IE 11 is not supported. For an optimal experience visit our site on another browser.

Exercise helps elderly cut long-term risk of falls

Research has shown that starting an exercise program can lower an elderly woman's risk of falling, and a new study suggests the benefit can be lasting.
/ Source: Reuters

Research has shown that starting an exercise program can lower an elderly woman's risk of falling, and a new study suggests the benefit can be lasting.

Researchers found that among 98 elderly women who took part in a 6-month exercise program, the risk of suffering a fall was still reduced one year after the program ended.

In an earlier study, the researchers had found that supervised strength training and agility exercises cut the women's risk of falls by 47 percent to 57 percent. All of the women, who were between the ages of 75 and 85, had low bone mass or osteoporosis.

Falls are a major cause of disability among the elderly, and those with the brittle-bone disease osteoporosis are at particular risk of sustaining a bone fracture.

The new findings, published in the Journal of the American Geriatrics Society, suggest that exercise can help prevent falls over the long term.

One year after the exercise regimen ended, women who had done strength training -- lifting light weights and doing exercises like squats and lunges -- were still 43 percent less likely to fall than they were at the study's outset.

Similarly, women who had performed agility exercises still had a 40-percent lower risk of falling. Agility training involved games, dance and obstacle courses aimed at improving balance, coordination and reaction times.

A third exercise group, which had focused on stretching exercises, had a 37-percent lower risk of falls in the long term -- which was actually an improvement over their results at the end of the exercise program.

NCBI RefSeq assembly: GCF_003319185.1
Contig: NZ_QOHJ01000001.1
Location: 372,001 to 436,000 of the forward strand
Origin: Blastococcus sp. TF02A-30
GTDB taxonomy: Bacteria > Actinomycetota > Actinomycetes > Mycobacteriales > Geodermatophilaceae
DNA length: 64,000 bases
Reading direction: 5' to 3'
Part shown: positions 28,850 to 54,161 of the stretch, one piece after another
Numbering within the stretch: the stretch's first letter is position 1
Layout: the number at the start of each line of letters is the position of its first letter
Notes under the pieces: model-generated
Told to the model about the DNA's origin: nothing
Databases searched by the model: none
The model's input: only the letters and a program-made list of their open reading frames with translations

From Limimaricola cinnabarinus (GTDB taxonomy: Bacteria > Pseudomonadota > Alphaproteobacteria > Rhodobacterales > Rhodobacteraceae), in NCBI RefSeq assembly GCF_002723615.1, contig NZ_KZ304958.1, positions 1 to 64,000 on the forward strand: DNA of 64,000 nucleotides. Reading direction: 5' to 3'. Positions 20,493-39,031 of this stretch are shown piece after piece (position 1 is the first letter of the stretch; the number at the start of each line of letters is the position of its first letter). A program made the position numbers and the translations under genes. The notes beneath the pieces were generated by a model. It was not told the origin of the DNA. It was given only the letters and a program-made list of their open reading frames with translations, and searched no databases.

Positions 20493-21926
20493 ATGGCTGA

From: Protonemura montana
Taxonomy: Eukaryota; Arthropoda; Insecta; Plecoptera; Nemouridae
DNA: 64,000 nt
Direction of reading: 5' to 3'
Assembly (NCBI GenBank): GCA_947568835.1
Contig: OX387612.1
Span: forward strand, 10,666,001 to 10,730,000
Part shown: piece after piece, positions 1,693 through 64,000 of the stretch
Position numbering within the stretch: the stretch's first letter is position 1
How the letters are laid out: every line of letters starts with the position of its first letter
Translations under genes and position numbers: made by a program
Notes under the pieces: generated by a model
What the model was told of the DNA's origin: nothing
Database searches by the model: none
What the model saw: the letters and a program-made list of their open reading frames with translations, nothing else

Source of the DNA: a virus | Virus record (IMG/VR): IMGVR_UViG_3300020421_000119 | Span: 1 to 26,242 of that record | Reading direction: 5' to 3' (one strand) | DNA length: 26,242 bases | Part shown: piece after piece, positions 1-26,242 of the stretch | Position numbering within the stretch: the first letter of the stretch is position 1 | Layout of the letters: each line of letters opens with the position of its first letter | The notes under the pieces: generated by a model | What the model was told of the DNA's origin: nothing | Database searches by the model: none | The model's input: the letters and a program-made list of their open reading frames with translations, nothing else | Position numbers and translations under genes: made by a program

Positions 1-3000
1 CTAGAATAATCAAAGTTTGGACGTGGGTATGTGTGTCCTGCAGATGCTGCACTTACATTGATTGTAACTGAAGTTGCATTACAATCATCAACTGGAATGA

It's not clear why their fall risk continued to improve, while that of the other two groups worsened slightly, according to the researchers, led by Dr. Teresa Y. L. Liu-Ambrose of the University of British Columbia in Vancouver, Canada.

All of the women were encouraged to keep exercising after the original study ended, and those in the stretching group might have taken up other forms of exercise that are more effective at preventing falls, the researchers speculate.

Many women in the strength and agility groups said that it was hard for them to find supervised programs that were as challenging as the study regimens were. This, the researchers note, could explain why their long-range fall risk was slightly higher than it was at the end of their exercise programs.

In general, they point out, research has shown that muscle strengthening, balance training and exercises that focus on balance and agility, like tai chi, are most effective at reducing older adults' fall risk.